Building a big business requires you to take small steps. A common micro-tactic is to engage in targeting local traffic. By catering to a niche within a given location, you separate yourself from the massive amounts of macro-competition in your industry.
Of course, designing a website that successfully caters to a local customer base isn’t easy. You’ve got to keep an eye on aesthetics, site architecture, SEO, effective marketing channels, and the ever-increasing focus on Responsive Web Design.
Each of these goals requires forethought. They all have their own methodology, expectations, and pitfalls. Let’s take a look at the steps you’ll take to rank your site and convert its traffic.
Conversion focused design
Assigning a visual hierarchy to on-page elements is paramount to enticing your visitors into venturing down your sales funnel. As such, there are a few areas on which you need to focus:
- Elements above the fold
- And RWD
Let’s briefly address each.
Your Unique Selling Proposition is what sets you apart from the competition. Focusing on a local customer base will help to a degree, but you’re fooling yourself if you think you’re competing in a vacuum.
So what sets you apart? It’s not always wise to compete on price point, and everyone aims for excellent customer service. Options will present themselves through comparisons with your competition.
What do they do best? What do you do better, or differently? Remember these three USP maxims:
- Be specific
- Be concise
- Be obvious
Figure your USP out, then advertise it to your clients. And where do should you do that?
Above the fold
It’s been proven repeatedly that content above the fold receives more attention than elements further down the page. According to an eye tracking study performed by Neilson Norman Group, the 100 pixels just above the fold were viewed 102% more often than the 100 pixels just below. To give you an idea of how this looks, check out this heat map.
Taking this knowledge into account, you’ll want to prioritize your content above the fold. That means including your…
CTAs, however, aren’t limited to above the fold placement.
CTAs (Call To Action)
CTAs should be used repetitively throughout your page. Putting them above the fold ensures they’ll get attention, but make sure you give your more thorough visitors a second chance to convert. Still, there’s more to conversion optimization than just placement.
A few tips to making stellar CTAs:
- Buttons are more effective than links, but both have their uses
- Succinct=successful—39 characters/7 words is ideal
- Consider larger sizes and bolder colors for your CTA buttons
- Aim for descriptive clarity in your copy
The final facet of conversion based design we’ll be covering is mobile compatibility.
RWD (Responsive Web Design)
Optimizing for mobile devices is an absolute essential. Around 70% of all searches performed on mobile devices will result in website interactions within 60 minutes. Taken with the fact that, globally, more mobile devices were used for browsing than desktops in 2014, and you’ve got yourself a bonafide business imperative, namely: build a mobile friendly site. Most design and search marketing firms provide affordable mobile design services these days.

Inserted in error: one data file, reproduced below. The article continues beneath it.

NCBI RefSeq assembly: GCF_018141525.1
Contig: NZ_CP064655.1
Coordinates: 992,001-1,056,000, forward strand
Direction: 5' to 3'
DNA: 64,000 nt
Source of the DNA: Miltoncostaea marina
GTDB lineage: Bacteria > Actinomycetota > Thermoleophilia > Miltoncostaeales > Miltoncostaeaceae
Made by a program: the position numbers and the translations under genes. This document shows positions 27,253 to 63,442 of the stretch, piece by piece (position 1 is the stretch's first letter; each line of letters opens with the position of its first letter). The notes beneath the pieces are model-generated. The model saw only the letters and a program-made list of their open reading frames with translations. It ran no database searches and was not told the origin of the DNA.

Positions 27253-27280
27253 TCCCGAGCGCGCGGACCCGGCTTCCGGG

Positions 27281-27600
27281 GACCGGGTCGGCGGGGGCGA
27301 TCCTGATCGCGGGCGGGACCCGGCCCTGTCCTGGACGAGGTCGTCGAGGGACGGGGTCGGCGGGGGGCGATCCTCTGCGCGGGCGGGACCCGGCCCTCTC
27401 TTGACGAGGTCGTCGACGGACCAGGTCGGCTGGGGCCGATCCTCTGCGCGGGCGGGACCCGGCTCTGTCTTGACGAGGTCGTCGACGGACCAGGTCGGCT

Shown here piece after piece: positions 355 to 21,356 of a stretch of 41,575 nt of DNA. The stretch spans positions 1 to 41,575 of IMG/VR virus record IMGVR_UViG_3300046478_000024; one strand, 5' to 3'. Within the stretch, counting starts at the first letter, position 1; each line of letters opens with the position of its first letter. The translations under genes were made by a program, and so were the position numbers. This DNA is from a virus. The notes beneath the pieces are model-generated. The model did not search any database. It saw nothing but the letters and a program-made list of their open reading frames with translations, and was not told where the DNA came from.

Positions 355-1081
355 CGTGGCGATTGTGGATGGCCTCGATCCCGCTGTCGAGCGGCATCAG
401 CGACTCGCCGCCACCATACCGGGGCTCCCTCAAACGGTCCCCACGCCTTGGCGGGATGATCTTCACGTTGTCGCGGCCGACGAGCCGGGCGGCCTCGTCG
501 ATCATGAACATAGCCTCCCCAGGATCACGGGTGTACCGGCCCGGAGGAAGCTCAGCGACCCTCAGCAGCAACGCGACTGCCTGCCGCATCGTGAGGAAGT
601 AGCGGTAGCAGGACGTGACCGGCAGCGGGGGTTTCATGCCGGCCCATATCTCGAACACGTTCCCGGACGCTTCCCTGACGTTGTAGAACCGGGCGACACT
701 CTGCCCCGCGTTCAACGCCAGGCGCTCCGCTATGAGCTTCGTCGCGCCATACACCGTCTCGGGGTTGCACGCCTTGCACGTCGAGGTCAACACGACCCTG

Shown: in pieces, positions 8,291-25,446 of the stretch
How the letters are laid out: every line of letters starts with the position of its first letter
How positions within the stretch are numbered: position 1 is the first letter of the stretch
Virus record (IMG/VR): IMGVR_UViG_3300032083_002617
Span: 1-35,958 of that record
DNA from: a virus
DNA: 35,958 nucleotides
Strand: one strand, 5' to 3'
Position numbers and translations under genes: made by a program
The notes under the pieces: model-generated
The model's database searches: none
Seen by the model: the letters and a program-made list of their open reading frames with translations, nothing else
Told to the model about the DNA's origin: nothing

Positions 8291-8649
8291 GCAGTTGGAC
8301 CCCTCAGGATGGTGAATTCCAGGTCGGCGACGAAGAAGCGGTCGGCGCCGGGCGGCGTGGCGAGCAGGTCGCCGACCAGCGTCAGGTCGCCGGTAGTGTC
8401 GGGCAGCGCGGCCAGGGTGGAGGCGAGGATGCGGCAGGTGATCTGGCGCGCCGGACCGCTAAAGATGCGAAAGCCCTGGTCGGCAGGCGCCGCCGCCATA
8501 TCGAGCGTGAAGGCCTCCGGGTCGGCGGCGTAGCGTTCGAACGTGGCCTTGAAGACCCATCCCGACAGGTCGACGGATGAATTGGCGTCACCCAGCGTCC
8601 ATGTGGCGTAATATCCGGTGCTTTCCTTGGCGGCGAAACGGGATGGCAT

These web design tips only cover the conversion side of the equation. You must also attract the customers you want to convert. You should already be familiar with SEO basics: keyword optimization, performance, authority, and UX. But what do you know about Schema?
A Diabolical Schema
Schema markup is a language you include in your site’s HTML. Its purpose is to explain what your business does to search engines, so they can categorize easily. Schema can explain:
- Who you are
- What you do
- Where you’re located
- The number of reviews you have
…and much more.
One of the more important schema identifiers for local websites is the LocalBusiness markup. Here’s how it looks in action:
Notice that you’re referencing the Schema type immediately. This lets the search engine know you’re speaking about a specific set of attributes with which its familiar. From there, you can see each element is labeled as you go down the block.
This is so search engines know exactly what everything on your page is, and how it’s related to your business. It should be noted, however, that LocalBusiness can often be vaguely interpreted. You can study the list in this Google Doc to find a more specific itemtype.
A useful shortcut is to associate your schema with a preexisting URL that a search engine will already recognize. This is possible with the sameAs property. It’s easy to align your website with a Google+ Business listing, and that way you can save yourself the trouble of customizing all of your schema.
There’s a lot more to learn about schema and local SEO in general, so here are a few resources to help you get a deeper understanding:
What other questions or concerns do you have about building local websites that rank and convert? Let us know in the comments section.